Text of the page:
A variety of substrate materials may be employed to fabricate a microfluidic device such as device 100 in FIG. 1. Typically, because the devices are microfabricated, since some structures such as the grooves or trenches will have a linear dimension of less than 1 mm, it is desirable that the substrate material be compatible with known microfabrication techniques such as photolithography, wet chemical etching, laser ablation, reactive ion etching (RIE), air abrasion techniques, injection molding, LIGA methods, metal electroforming, or embossing. Another factor to consider when selecting a substrate material is whether the material is compatible with the full range of conditions to which the microfluidic devices may be exposed, including extremes of pH, temperature, salt concentration, and application of electric fields. Yet another factor to consider are the surface properties of the material. The surface properties of the interior channel surfaces determine how the channel surface chemically interacts with materials flowing through the channels, and those properties will also affect the amount of electroosmotic flow that will be generated if an electric field is applied across the length of the channel. Since the surface properties of the channel are so important, techniques have been developed to either chemically treat or coat the channel surfaces so that those surfaces have the desired properties. Examples of processes used to treat the surfaces of microfluidic channels can be found in U.S. Pat. Nos. 5,885,470; 6,841,193; 6,409,900; and 6,509,059. Methods of bonding two substrates together to form a completed microfluidic device are also known in the art. See, for example, U.S. Pat. Nos. 6,425,972 and 6,555,067.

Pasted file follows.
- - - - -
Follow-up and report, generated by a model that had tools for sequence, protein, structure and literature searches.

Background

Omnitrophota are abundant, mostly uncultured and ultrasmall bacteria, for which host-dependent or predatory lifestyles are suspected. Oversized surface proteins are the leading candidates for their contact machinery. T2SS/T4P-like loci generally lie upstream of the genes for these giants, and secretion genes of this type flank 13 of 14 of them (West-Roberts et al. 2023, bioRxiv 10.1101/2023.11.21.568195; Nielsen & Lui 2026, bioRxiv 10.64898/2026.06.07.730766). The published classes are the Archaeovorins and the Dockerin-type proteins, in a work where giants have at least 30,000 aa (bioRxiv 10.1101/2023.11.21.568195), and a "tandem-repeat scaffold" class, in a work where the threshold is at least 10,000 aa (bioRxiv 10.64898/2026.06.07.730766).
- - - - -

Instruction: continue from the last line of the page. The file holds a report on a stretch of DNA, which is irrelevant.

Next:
Materials normally associated with the semiconductor industry are often used as microfluidic substrates since microfabrication techniques for those materials are well established. Examples of those materials are glass, quartz, and silicon. In the case of semiconductive materials such as silicon, it will often be desirable to provide an insulating coating or layer, e.g., silicon oxide, over the substrate material, and particularly in those applications where electric fields are to be applied to the device or its contents. The microfluidic devices employed in the Agilent Bioanalyzer 2100 system are fabricated from glass or quartz because of the ease of microfabricating those materials, and because those materials are generally inert in relation to many biological compounds. Microfluidic devices can also be fabricated from polymeric materials such as polymethylmethacrylate (PMMA), polycarbonate, polytetrafluoroethylene (TEFLON™), polyvinylchloride (PVC), polydimethylsiloxane (PDMS), polysulfone, polystyrene, polymethylpentene, polypropylene, polyethylene, polyvinylidine fluoride, ABS (acrylonitrile-butadiene-styrene copolymer), cyclic-olefin polymer (COP), and cyclic-olefin copolymer (COC). Such polymeric substrate materials are compatible with a number of the microfabrication techniques described above. Since microfluidic devices fabricated from polymeric substrates can be manufactured using low-cost, high volume processes such as injection molding, polymer microfluidic devices could potentially be less expensive to manufacture than devices made using semiconductor fabrication technology. Nevertheless, there are some difficulties associated with the use of polymeric materials for microfluidic devices. For example, the surfaces of some polymers interact with biological materials, such as proteins. So even though microfluidic devices may be fabricated from a variety of materials, there are tradeoffs associated with each material choice.